MISS AL SIMPSON
WHAT BONHAMS THINK...
"In the present work, the collaged 'mixed media' of Miss AL Simpson's digital frame conjures the train carriages and side-streets of Manhattan's Lower East Side. It is this insurgent self-governance of the Crypto Art movement that has always appealed to Simpson – an opportunity to establish new norms in the creation and circulation of the art object. Evoking the brash canvases of Basquiat, Rauschenberg, and Kippenberger, the digital passages of CYBAROQUE BORGHESE engage in a litany of dialogues with Classical and Contemporary motifs. In this digital avant-garde, Miss AL Simpson has become one of the chief protagonists of this new movement, compressing history and styles to produce some of the most dramatic and compelling works to be tokenized to date."
"Today, Simpson — whose digital collages might be described as Dada grunge meets Moulin Rouge glam — has sold the most artworks of any artist on SuperRare."
"Anna Louise Simpson, an artist based in Scotland, was making traditional collage art when one of the main crypto art platforms contacted her to see if she was interested in tokenizing her pieces."
"As a woman and a mother, the financial freedom that cryptoart offers as an artist to not be struggling to make ends meet is incredible and I think a lot of that’s been lost in some of the conversations about NFTs. The financial impact for women and mothers is absolutely huge."
Miss AL Simpson is a crypto artist and writer with a love of black ink and collage. Anna Louise grew up watching vintage movies and drawing from fashion magazines and books and uses those early faded glamorous influences in her crypto art practice.
Drawing on influences such as Kippenberger and Rauschenberg, Anna Louise uses found items such as billposters and magazines to build up a textured mixed media surface, in order to explore themes of confused popular culture. Layering her work with power and fragility; tales of passion and desire are exposed. At times, these stories are gentle whispers, at other times, they are loud and brash graffiti. Fragmented portraits hidden in urban landscapes reveal an honesty and broken reality; a mixed up version of the popular culture that submerges us all.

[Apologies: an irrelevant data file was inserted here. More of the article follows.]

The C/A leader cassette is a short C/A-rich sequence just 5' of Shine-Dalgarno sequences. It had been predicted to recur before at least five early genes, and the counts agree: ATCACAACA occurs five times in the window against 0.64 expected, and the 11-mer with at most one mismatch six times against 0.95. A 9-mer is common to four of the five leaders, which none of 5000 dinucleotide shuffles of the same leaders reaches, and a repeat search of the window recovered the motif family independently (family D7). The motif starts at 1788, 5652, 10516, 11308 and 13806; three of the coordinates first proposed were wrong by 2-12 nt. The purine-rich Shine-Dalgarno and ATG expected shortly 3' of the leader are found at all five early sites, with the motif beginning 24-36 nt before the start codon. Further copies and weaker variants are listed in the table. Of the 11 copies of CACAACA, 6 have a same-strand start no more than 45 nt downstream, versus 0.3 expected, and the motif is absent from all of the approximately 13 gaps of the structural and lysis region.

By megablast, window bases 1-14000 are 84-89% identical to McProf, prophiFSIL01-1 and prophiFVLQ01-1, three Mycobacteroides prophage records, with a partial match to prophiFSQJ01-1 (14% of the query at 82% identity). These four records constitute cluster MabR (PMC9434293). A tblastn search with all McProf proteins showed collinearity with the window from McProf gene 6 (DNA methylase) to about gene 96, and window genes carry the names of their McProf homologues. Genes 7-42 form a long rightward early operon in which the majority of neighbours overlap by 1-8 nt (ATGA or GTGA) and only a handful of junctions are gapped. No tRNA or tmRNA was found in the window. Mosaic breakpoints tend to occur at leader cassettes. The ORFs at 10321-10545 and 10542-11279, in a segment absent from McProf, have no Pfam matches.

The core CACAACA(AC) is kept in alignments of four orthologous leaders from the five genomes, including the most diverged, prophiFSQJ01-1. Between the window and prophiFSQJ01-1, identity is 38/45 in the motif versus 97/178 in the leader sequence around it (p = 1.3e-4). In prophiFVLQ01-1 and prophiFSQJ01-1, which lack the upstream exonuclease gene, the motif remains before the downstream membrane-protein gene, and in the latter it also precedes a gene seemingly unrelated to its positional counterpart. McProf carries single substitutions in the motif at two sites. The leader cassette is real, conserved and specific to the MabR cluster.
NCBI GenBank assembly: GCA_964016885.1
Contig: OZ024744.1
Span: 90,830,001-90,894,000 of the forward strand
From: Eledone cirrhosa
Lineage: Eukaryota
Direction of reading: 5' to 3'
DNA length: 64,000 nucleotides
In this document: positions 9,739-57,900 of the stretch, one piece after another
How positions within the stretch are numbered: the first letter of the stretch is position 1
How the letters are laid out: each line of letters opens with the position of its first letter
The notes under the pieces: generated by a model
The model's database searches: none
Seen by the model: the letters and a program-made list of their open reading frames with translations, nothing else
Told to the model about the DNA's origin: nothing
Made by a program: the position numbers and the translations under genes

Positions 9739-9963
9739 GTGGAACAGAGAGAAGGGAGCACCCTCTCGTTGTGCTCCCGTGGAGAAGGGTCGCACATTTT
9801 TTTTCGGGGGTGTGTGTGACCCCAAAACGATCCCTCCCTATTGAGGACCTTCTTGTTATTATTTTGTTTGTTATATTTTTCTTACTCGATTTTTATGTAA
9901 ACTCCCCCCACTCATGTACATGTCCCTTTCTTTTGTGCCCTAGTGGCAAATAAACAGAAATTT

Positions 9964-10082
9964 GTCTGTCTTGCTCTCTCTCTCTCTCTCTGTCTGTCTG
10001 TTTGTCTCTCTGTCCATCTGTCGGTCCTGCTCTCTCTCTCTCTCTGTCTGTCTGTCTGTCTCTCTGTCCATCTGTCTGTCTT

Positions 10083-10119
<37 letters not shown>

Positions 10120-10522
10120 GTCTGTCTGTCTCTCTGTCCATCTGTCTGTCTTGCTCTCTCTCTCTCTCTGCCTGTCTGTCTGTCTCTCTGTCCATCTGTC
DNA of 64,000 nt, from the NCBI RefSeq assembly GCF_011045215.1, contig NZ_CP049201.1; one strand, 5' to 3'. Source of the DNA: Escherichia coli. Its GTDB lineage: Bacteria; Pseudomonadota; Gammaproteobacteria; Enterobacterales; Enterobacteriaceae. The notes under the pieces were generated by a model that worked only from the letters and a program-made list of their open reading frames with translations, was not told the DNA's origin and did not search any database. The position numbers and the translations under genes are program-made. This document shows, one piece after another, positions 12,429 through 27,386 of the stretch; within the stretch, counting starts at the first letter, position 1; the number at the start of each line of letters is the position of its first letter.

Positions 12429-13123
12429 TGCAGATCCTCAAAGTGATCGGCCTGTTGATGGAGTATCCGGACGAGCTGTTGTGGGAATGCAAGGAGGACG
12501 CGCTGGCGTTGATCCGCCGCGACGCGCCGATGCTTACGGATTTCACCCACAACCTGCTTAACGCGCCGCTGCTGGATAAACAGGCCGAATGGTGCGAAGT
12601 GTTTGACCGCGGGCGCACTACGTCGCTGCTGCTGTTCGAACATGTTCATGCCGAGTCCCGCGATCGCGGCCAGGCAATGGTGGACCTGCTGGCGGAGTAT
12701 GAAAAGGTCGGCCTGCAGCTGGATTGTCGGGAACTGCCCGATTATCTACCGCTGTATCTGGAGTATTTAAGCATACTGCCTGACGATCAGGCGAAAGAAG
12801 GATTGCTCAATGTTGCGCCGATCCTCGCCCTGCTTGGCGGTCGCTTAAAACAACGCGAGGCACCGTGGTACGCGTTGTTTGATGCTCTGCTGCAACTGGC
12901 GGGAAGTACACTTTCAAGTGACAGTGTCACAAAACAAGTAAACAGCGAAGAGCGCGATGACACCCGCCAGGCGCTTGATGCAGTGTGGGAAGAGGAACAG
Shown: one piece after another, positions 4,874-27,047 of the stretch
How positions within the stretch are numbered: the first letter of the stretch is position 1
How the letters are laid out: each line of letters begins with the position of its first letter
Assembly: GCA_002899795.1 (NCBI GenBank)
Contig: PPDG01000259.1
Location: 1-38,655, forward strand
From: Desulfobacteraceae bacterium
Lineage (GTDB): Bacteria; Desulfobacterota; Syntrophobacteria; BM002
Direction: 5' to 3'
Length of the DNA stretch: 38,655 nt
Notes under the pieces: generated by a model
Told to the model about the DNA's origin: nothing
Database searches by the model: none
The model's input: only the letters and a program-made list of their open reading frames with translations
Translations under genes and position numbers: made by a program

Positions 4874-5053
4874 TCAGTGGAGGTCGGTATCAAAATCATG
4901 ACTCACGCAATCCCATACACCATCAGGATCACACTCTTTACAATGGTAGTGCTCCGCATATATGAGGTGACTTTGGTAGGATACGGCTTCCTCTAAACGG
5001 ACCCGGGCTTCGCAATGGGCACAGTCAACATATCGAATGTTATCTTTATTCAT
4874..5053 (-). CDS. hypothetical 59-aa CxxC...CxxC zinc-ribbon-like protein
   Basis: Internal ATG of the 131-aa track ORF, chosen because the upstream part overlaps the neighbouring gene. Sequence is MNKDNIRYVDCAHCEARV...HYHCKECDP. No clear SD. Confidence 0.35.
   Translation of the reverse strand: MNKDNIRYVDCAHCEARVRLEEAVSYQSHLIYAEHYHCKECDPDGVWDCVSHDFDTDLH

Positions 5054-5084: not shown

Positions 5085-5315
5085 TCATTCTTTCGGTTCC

Exploring the rips of popular culture and society’s vulnerability, Anna Louise produces images of dystopic fragility…’a keeper of fragile things’.
"When I added Miss Al Simpson’s Modern Love to my collection about one year ago I wrote that it "Reminds me of one of Richard Prince's Nurses getting enveloped by a Clyfford Still." My feelings haven't changed. There is a long history of male artists anonymizing women through abstraction but Miss Al Simpson's work is refreshing because it does this without objectification. For me, the mysterious women portrayed in works like Modern Love and The Self Isolators have deep and complex inner lives. They are to be thought about, to be reckoned with, and not just ogled as one might with say Willem de Kooning's hypersexualized Women I. As with most artists, I think Miss Al Simpson's strongest work ends with a question mark instead of a period and these two works definitely fit that description for me."
JASON BAILEY, ARTNOME